WARSAW — Andrew Morris, half of the musical duo, The Matchsellers, grew up “just south of Warsaw, off Ferguson Road,” and their latest album, “Kosciusko County,” finds him joining a long list of writers, from Garrison Keillor to Bruce Springsteen, who have found inspiration in their hometowns.
Morris, a Fulbright scholar, accepted a teaching position in Leipzig, Germany, only to find himself mentally drawn back to northern Indiana. “My subconscious for the last five years has been fixated on what it means to be an American, a Midwesterner, a Hoosier, a person from Kosciusko County,” he explained.
This fixation has manifested itself in songs with titles like “Claypool Dog Race,” “Mentone (The Legend of the 3,000 lb. Egg),” “Beaver Dam Blues,” “Leaving Burket” and more. Prior to “Kosciusko County,” Morris also recorded an EP, “The Great Corn-Detasseling Album.” The title was borrowed from a poem by his English teacher, Steve Henn, who, along with history teacher Jim Gilmer, Morris said taught him to “think critically” at Warsaw Community High School.
“As a young kid I wanted to be a basketball player … but when Coach Grose cut me from the Edgewood team, I focused more on music, theater and art. The Warsaw school system was, in my memory, pretty good about encouraging the arts. Between theater, battle of the bands, creative writing club and band, there was a lot to keep myself and my friends engaged.” Morris’ Kosciusko roots are deep. “My dad grew up in Claypool and my grandpa was born in Beaver Dam back when Beaver Dam had more than a church. Looking through my grandma’s genealogy research, I found that Monroe Morris was the first in my family to come to Kosciusko County in the early 1800s.”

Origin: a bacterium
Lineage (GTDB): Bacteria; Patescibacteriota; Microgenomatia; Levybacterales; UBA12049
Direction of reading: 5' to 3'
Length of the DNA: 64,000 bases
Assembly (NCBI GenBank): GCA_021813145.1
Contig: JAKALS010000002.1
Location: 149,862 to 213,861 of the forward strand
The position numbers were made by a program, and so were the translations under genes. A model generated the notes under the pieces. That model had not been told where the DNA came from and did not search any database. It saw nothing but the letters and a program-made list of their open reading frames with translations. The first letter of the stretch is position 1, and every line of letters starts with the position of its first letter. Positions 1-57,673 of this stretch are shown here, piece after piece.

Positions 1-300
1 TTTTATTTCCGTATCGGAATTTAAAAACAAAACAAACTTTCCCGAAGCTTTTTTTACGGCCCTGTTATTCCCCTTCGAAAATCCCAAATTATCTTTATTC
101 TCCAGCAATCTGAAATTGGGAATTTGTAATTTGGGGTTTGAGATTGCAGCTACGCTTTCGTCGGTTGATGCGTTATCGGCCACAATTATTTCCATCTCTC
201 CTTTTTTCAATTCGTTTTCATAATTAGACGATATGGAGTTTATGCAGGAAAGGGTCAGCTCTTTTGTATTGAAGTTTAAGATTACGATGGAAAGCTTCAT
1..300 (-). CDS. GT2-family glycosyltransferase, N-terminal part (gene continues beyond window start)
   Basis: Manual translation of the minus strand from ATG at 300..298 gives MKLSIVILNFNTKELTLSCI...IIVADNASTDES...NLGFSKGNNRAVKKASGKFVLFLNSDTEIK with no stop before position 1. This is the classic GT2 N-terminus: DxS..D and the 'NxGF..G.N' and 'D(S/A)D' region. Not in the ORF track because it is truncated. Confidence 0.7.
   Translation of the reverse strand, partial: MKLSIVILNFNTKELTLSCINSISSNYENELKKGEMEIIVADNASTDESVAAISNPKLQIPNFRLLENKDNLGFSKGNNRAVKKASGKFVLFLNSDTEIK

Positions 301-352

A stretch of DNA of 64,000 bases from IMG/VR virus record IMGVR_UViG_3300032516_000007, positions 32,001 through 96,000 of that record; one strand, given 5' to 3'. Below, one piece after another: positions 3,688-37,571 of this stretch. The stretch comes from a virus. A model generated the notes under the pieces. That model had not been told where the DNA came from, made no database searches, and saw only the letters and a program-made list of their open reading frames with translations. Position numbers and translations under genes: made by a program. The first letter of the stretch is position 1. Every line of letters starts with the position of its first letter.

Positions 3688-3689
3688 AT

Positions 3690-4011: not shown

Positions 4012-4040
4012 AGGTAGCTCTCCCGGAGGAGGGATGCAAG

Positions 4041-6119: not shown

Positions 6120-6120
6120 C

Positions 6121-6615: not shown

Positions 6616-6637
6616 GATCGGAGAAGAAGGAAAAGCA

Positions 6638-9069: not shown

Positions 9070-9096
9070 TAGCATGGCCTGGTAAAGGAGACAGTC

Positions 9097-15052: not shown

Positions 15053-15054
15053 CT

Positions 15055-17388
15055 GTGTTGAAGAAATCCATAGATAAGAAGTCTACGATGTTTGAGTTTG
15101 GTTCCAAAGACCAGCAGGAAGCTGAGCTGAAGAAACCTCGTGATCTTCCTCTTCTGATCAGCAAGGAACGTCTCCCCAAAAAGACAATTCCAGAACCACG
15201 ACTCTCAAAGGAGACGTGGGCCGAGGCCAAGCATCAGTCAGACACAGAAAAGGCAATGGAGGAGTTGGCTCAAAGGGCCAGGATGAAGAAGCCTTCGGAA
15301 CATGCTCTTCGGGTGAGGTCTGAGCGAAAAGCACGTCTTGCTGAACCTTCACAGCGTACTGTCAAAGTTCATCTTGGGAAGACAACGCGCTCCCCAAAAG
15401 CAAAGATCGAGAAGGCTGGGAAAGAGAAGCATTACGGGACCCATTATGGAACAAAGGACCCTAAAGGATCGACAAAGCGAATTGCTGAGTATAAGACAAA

His grandfather inspired “Claypool Dog Race.” “Growing up, I always heard my grandpa talk about a place in Claypool called ‘The Dog House.’ As a kid, I thought they raced dogs there. I thought there were weekly Claypool dog races that my grandpa went to, so I wrote the song. But the catch is this. I found out after writing the song that ‘The Dog House’ was just a place where these farmers got together and drank ‘Pepsi’ and played Euchre. Oops.”
It has occurred to Morris there may be a limited appeal to his songs. Luckily, Julie Bates, the classically-trained violinist from Kansas City who completes the duo, is more interested in writing “a good song with a good story” than his “regionalist nonsense.”
“It’s pretty impractical to write songs just about a tiny region,” he admitted. After all, The Matchsellers have toured Europe and 25 of the United States, and he doesn’t expect a crowd in the Czech Republic to relate to a song about “a dog race in Claypool, IN.” Nevertheless, Morris will always have a place to play where people know about such things as Mentone’s 3,000 pound egg.
“I wrote a song called ‘Driving Escort’ about working for Nelson Brothers Mobile Home Transport Company. When my old boss Joe or his wife Jan are around, it’s really magical to play that song specifically for them. I feel like I wrote these songs not just for myself, but for everybody in or from the area. When we play the songs where they were inspired, it’s a really special feeling.”
For more information go online to www.thematchsellers.com.